Much has been written about the alleged use of chemical weapons in Syria ,but very little has been done about the chemical warfare conducted against American citizens. The effects of this warfare are ,perhaps, not as dramatic as the use of Sarin, or mustard gas,or a host of other chemical agents ,but the long term effects are just as dire.The insididious nature of the threat and the fact that most Americans are far too complacent about the food that they eat makes the danger far greater than any isolated poison gas attack could ever be.
The recent Chinese purchase of Smithfield Foods,one of the largest pork producers in the nation, raised concerns about food safety. The concern was understandable given a well deserved Chinese notoriety for tainted food,shoddy goods and lax environmental and safety standards. The great irony is that the Chinese purchase of Smithfield Foods might actually produce meat that is safer.The Chinese,for example, ban the use of Paylean, a food additive commonly used in the US to produce leaner pork . Paylean improves feed efficiency by thirteen percent and encourages an average ten percent weight gain. But Paylean is not an unqualified blessing since the additive is highly toxic. Workers handling Paylean are advised not to come into direct contact with the additive and are required to wear respirators. Food experts estimate that animals require three weeks to purge the chemical fom their bodies. But, of course, this does not happen in practice so consumers are the unwitting consumers of a substance known to be carcinogenic and which also has been linked to cardiovascular disease.No long term studies have been conducted largely because agribusiness really does not want to know what the studies would reveal and because the USDA is essentially the Welcome Wagon for Big AG.
GMO's represent yet another threat to the American consumer. BT corn ,for, example, has been linked to blood, liver, and kidney abnormalities and has also been shown to cause damage to the small intestine. Workers exposed to GMO cotton have incurred an abnormal incidence of allergic reactions. Sheep grazing on GMO cotton fields died ,and animals have refused GMO feed. As a consequence, GMO seeds are banned in Europe and in Peru. The US imposes no such ban because there is money to be made through the sale of GMO seed and more importantly because Monsanto and several other chemical companies own the regulatory apparatus in this country.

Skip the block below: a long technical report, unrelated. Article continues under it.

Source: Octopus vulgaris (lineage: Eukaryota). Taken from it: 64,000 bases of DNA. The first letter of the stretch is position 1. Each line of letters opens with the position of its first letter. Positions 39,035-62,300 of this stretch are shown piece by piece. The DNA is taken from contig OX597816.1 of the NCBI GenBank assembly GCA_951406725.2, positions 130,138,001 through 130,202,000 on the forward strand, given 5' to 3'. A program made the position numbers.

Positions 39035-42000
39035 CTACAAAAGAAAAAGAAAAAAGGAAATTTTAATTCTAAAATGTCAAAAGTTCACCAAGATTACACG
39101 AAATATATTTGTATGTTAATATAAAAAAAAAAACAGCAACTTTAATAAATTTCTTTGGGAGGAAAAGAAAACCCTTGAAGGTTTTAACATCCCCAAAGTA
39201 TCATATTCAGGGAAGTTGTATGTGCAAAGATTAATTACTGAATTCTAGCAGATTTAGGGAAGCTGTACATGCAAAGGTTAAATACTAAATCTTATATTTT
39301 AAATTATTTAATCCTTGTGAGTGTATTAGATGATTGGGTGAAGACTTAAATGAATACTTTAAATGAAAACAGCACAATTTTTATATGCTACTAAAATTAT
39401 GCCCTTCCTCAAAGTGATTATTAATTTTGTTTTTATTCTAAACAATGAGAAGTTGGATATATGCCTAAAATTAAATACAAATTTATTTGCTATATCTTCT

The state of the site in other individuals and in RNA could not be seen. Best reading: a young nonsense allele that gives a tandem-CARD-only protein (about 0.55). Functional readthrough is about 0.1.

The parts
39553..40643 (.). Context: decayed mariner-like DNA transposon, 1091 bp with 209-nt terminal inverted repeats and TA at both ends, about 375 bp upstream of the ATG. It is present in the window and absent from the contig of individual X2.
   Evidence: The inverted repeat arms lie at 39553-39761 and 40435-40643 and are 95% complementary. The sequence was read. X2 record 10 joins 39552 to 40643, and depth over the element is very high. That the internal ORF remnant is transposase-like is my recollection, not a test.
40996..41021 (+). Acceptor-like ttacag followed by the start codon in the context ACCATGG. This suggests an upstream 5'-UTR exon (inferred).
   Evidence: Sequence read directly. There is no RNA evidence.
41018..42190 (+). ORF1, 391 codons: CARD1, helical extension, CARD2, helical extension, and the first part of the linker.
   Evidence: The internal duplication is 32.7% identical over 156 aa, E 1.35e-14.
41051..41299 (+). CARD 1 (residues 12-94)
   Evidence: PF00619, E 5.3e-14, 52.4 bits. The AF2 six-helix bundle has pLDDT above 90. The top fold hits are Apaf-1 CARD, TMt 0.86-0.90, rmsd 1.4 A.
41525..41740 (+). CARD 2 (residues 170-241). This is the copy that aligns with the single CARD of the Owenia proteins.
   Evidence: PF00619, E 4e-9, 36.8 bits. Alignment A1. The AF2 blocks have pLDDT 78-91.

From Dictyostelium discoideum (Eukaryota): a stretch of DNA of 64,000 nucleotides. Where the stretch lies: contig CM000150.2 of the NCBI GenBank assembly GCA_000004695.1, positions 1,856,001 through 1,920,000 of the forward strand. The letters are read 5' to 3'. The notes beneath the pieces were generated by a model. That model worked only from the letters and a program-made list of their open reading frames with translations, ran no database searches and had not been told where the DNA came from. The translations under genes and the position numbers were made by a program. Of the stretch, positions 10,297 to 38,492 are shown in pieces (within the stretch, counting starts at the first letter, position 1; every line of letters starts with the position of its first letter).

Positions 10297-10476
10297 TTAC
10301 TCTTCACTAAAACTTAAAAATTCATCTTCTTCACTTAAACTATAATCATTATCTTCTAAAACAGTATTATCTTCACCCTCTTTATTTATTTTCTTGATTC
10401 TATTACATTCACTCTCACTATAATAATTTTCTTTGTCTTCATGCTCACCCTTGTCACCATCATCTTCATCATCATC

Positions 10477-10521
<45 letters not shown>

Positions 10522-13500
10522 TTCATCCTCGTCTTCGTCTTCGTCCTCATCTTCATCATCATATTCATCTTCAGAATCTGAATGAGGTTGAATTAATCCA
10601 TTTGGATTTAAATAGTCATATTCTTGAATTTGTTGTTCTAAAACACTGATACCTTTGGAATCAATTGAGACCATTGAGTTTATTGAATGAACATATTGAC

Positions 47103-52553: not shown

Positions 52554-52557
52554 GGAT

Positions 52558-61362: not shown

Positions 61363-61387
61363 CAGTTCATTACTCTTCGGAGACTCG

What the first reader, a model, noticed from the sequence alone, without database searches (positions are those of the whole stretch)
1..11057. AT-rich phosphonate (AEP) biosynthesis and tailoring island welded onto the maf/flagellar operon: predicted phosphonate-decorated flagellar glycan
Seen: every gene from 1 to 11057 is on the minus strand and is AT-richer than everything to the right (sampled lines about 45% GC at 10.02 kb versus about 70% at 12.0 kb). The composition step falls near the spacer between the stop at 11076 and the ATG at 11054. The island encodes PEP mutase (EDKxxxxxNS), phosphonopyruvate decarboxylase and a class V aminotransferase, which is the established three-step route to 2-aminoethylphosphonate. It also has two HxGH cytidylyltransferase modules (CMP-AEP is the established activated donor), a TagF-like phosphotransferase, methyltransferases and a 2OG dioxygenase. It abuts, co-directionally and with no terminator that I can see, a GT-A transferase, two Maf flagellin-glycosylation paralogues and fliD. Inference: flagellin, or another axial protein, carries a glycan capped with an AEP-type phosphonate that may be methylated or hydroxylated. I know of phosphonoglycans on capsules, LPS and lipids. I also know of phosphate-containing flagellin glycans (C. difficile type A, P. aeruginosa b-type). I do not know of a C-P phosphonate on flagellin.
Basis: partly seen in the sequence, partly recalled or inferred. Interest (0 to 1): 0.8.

If that were not enough, Americans also unwittingly ingest a not inconsiderable levels of BGH, bovine growth hormone by way of dairy products and beef. The clever Moe,s restaurant ad. that depicts a child with a luxuriant beard is not far from the mark. Girls begin menarche much earlier than before and the change cannot be ascribed to "improved" nutrition. The truth is that we are being poisoned, the bitterest irony because a hormone used to increase milk production is not needed at all given the ongoing problem with milk surpluses.
The rampant abuse of antibiotics also represents a serious public health issue. Antibiotics are used to eliminate the many problems caused by raising animals in filthy conditions and as a way to fatten cattle cheaply. The true cost of this practice is paid by Americans who are finding that an increasing number of microbes are immune to our antibiotic pharmacopia. So chicken litter,AKA chicken s..t, is an acceptable cattle fodder because feed lot owners can always add that extra measure of antibiotics to the feed.
We should not tolerate any of this. It is past time to demand that our regulatory agencies actually protect the citizenry and past time to demand higher standards from Big AG.Sharp business practices have no place in modern capitalism and forestall the efforts of honest farmers and meat packers
. At one time Smithfield hams were prized for quality because the hogs were fed peanuts and the meat was produced with some care. It would seem today that Smithfield Foods and any number of big producers are trading on nothing but a name and an advertising campaign.
Blog has been viewed (951) times.